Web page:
You can also export files as a PDF or JPG through email or iAnnotate (for example).  The bonus Wi-Fi-sync option with a nearby computer is available if you like, and you also have the ability to adjust the resolution of an image.  The free version (Genius Scan “Lite”) has sync limitations with Dropbox, Evernote and other cloud storage providers.

Automatic and manual cropping allows you to make the best of your captured image:

genius-scan-screen

Genius Fax

Genius Fax works directly with Genius Scan to allow for faxing a document, when sharing a PDF is not an option. Genius Fax also makes available a cover page when faxing a file, if desired.  Payment in advance is required for each file, prior to sending the fax.

Here is an example of stored fax transactions, and a welcome homepage:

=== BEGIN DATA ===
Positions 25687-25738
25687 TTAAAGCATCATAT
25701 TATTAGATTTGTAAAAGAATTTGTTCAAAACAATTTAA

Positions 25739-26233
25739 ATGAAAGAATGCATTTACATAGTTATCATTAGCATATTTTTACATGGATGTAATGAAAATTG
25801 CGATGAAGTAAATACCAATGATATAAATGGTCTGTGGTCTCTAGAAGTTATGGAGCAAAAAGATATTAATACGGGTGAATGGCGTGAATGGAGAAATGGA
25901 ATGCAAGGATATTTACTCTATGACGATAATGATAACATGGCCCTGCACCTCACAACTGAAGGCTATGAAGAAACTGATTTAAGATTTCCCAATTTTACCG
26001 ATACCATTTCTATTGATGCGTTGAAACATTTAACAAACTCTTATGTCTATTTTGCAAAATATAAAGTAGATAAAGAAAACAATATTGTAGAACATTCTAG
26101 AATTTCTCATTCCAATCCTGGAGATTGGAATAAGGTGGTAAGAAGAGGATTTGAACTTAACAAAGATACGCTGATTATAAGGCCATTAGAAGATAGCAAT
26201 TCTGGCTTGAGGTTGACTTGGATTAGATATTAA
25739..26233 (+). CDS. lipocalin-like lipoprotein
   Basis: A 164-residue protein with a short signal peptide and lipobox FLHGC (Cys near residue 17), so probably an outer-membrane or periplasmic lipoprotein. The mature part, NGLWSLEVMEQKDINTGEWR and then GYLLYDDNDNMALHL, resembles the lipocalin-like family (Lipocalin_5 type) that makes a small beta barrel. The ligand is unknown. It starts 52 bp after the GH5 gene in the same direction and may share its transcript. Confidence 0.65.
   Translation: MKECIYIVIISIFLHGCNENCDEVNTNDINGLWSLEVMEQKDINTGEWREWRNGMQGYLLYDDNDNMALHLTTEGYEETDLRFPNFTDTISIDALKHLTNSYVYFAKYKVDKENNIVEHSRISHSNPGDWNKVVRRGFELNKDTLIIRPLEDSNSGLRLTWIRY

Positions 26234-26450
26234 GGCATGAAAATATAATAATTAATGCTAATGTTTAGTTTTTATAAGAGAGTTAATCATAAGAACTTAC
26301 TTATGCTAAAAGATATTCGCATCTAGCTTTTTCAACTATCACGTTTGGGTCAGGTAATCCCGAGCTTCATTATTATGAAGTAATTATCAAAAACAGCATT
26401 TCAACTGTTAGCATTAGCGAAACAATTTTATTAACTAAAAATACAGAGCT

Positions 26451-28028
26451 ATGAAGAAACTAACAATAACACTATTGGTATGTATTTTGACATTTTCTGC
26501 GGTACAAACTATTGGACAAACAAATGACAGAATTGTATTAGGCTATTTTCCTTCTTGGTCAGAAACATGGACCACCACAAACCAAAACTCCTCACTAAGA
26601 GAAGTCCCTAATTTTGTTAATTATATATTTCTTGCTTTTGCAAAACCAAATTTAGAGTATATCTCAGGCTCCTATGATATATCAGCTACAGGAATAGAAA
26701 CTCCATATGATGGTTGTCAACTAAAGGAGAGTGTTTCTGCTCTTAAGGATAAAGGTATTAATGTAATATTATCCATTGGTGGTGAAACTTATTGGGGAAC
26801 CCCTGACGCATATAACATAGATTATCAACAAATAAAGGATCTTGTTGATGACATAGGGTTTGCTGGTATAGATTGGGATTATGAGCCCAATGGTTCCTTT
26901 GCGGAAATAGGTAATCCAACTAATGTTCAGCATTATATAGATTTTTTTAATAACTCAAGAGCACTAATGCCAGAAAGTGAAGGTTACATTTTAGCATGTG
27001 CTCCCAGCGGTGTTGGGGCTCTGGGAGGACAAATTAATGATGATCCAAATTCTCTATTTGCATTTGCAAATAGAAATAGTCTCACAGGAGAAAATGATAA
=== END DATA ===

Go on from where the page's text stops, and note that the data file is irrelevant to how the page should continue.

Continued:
genius-fax
The application’s mobile cover page allows for straightforward fax submission:

genius-fax-screen

Start Lite

Start Lite allows you to create a PDF from a webpage.  The application will become your web browser for quick “PDFMe” options. Alternatively (and after download), you may enter the letter “S” to the beginning of your Safari webpage and the Start Lite PDF option will automatically begin.  Your PDFs are stored for quick access offline, and with this lite app version, 3 free PDFs can be created everyday.

Below:  See how you may use multiple tabs for browsing and you can use menu bars to toggle between views.

start-lite

A summary of open webpages appears on the left-menu column.  Swipe the screen to open or close this menu.  Selecting “new tab” opens a new webpage.  Also, view your stored PDF files by selecting “My PDF Files.”

By selecting “My PDF Files,” the right column lists all of your saved PDFs:

start-lite-screen
Swiping between the three menu pages allows you to see open tabs and webpages (to the far left), stored documents (in the center), and an open document or webpage (on the right):

start-lite-screen2